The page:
Celtics: The big lead

They let it get away in Game 2, but held on to beat the Lakers. Now they have it in the NBA Finals, but have to hit the treacherous road.


King Kaufman
June 9, 2008 12:30PM (UTC)

Lakers in five? That's what it's going to take for Los Angeles now that the Boston Celtics have taken a 2-0 lead over them in the NBA Finals. And the Lakers are going to have to count on home court meaning everything, because the Celtics dominated Game 2 about as thoroughly as a game can be dominated and have the score end up 108-102.

That reasonable-sounding tally -- and the Celts did have to sweat it a bit in the last minute -- was the result of a furious fourth-quarter comeback, fueled in part by a sudden Lakers resurgence and in part by the Celtics all but lighting up victory spliffs after they'd opened up a 24-point cushion.

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If the Celtics get as complacent about their 2-0 lead as they got about their 95-71 lead Sunday night, the Lakers have a chance.

Down by that 24-point margin with just under eight minutes to play and the Celtics looking like no one told them the game was still going on, the Lakers closed the gap to 102-91 with two and a half to go. Then, after an even more urgent run started by a Kobe Bryant runner and ending with two Bryant free throws, Boston clung to a 104-102 with 38 seconds left.

The Celtics, who had played with such force and confidence since taking control of the game in the second quarter, fell apart even more thoroughly than the Lakers had in the third, when Boston had let its hard-earned 16-point lead get whittled down to nine, and then the Lakers had spit the bit following a timeout, surrendering 13 unanswered points while barely letting their star, Bryant, touch the ball.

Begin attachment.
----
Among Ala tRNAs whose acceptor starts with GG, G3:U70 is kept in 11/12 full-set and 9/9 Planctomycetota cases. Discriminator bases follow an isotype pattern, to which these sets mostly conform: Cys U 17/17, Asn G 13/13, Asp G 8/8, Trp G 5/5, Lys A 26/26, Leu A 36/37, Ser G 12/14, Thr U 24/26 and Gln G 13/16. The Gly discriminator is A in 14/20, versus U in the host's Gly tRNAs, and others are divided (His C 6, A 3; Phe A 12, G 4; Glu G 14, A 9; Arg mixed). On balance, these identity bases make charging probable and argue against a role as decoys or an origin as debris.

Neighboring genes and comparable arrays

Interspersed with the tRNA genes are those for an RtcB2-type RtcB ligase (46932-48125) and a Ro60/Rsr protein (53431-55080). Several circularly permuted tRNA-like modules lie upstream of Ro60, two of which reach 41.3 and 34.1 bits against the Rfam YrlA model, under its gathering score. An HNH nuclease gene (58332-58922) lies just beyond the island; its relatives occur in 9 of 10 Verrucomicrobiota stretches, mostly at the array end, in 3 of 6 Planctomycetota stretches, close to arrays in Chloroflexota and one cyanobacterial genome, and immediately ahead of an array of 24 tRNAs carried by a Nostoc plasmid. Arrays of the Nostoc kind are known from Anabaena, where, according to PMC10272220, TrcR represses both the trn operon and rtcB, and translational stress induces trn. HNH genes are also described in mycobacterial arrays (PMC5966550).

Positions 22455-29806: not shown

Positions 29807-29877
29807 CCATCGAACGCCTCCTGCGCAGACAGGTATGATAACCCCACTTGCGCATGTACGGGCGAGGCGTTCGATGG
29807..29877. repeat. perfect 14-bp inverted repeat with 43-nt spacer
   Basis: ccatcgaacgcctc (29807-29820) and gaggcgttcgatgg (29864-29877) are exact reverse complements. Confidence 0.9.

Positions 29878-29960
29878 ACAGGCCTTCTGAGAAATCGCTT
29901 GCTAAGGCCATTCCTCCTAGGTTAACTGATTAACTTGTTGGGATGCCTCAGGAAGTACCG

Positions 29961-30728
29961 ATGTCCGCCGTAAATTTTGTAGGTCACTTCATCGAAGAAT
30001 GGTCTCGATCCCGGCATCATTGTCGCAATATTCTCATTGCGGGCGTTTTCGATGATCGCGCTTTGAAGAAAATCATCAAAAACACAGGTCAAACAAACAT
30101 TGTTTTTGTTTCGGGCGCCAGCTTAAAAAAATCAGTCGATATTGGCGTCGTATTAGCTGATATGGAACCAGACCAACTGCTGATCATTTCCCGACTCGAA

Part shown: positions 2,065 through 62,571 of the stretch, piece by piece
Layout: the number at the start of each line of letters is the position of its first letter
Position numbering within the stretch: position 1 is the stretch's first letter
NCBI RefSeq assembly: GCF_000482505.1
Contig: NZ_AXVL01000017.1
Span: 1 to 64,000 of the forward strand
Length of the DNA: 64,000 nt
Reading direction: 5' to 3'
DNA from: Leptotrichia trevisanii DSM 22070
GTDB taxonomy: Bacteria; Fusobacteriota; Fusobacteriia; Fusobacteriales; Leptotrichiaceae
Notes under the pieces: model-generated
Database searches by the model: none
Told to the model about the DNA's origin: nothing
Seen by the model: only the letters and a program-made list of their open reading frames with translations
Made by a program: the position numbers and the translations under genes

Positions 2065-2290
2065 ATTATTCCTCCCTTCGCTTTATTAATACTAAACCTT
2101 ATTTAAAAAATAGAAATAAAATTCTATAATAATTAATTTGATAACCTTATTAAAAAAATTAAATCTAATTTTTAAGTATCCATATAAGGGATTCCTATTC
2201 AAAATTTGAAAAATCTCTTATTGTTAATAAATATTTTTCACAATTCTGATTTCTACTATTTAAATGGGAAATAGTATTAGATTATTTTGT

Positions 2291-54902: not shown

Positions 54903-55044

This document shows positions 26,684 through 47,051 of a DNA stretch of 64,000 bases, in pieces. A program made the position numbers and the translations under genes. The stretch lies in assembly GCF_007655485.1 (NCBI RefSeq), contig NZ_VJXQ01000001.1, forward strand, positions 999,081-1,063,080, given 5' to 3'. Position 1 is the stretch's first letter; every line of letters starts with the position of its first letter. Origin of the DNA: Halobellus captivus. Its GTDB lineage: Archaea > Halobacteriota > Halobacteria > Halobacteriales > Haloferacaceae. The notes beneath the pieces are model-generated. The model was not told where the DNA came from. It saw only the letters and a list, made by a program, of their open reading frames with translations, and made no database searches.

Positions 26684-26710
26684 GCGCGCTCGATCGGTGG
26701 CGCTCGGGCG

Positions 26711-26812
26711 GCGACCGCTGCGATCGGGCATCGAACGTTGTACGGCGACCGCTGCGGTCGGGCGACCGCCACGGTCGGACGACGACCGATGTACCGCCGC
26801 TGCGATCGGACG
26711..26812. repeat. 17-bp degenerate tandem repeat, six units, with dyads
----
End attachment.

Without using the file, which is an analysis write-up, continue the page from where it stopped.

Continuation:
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One of the few times Bryant took a shot during the stretch, he launched an air ball. All of a sudden the Lakers offense devolved to Luke Walton taking flat-footed jumpers.

Late in the fourth it was Boston's turn. Poor shots, bad passes, steals. Pierce made a couple of free throws to get the lead back to four, and then the Celtics got a stop when Sasha Vujacic, who had made two 3-pointers during the comeback, missed one.

The Celtics have had the Lakers' number in these first two games. They haven't been bothered by L.A.'s athleticism, they've kept Bryant in check by forcing him to be a passer, then stifled the rest of the Lakers' offense, and they've gotten solid contributions from their bench, most notably Leon Powe's career night Sunday -- 21 points in 15 minutes.

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That's all aside from two games' worth of brilliance by Pierce, and the far quieter but no less important contributions of Kevin Garnett, who's averaging 20.5 points and 11.5 rebounds in the two games.

The Lakers have helped by playing soft, whining about the officiating, refusing or finding themselves unable to sustain the offensive aggressiveness that got them off to a good start in Game 2. That might change when they get back home, where they'll be for the next three games starting Tuesday. We've seen the Celtics look great at home and stumble on the road this playoff season.

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What we haven't seen is anybody playing as well as Boston is playing in the last few days, the garbage-time meltdown Sunday notwithstanding. They'd come very close to putting this series away by winning one of three on the West Coast. They'd do well to remember the lesson they almost had to learn the hard way in Game 2: Just keep doing what you're doing.


King Kaufman

King Kaufman is a senior writer for Salon. You can e-mail him at king at salon dot com. Facebook / Twitter / Tumblr

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